Geofencing uses GPS technology to allow companies to set a "perimeter" for employees, letting them know whether workers are within a certain boundary when they're supposed to be or are in the proper location for a job. Experts say the technology also can help ensure employees aren't presented with work-related information during their off hours, which in many cases would require compensation.

Will Eadie, a global vice president with WorkJam, a provider of employee scheduling platforms in Montreal, Quebec, Canada, said use of "shift awareness" algorithms can help track overtime liability, as well.

"Algorithms that transmit schedules and schedule changes to employees based on local laws and regulations pertaining to how far in advance a worker needs to be informed of schedules also can help keep employers compliant," he said.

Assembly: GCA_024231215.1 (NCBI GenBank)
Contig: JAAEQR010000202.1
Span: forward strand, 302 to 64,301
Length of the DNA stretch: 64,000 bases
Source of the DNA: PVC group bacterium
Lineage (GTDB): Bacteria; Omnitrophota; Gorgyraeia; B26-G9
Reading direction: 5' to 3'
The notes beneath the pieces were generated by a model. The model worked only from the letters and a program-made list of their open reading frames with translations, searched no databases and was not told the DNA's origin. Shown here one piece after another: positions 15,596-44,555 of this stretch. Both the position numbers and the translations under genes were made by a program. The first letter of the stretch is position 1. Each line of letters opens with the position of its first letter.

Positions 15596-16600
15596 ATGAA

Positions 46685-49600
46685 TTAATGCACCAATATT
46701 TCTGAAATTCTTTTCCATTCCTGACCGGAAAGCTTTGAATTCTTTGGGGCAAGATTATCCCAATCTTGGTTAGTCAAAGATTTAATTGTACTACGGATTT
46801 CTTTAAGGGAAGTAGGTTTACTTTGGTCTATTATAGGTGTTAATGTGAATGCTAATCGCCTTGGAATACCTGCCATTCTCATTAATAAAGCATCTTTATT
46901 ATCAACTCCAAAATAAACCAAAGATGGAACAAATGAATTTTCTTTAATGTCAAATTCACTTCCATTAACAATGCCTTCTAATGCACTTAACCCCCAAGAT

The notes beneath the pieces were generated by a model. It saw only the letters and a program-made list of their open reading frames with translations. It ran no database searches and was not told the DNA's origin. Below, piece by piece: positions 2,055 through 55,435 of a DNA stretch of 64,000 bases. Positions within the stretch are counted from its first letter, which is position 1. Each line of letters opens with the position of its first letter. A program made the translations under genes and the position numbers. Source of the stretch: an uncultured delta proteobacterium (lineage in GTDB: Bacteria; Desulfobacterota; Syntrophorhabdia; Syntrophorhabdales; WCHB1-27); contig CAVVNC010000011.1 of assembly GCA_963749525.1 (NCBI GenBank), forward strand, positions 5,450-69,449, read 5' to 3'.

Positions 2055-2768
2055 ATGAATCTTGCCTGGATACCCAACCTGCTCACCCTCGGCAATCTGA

Other industry vendors use artificial intelligence (AI) to manage shift-swapping. "There's nothing worse than asking a co-worker to swap a shift and having them say 'yes,' only to have the manager say you can't swap because your co-worker doesn't have the right skills or may incur overtime," Mullen said.

In those cases, AI can be used to identify and recommend employees most likely to accept a shift based on their existing work schedule, stated shift preferences, skills and even their history of accepting shift swaps.

Some experts also believe self-scheduling tools can help reduce managers' subjectivity. "Manager favoritism is a problem in some industries and can hinder an employee's ability to pick up or swap shifts," Eadie said. "Consequently, employees can leave the job because they feel mistreated by their managers."

Benefits for Managers

Employee self-service technologies can have peripheral benefits for managers. In its 2019 Hype Cycle for Human Capital Management Technology report, research and advisory firm Gartner identified "automation of the manager experience" as an emerging technology that will significantly impact HR in coming years.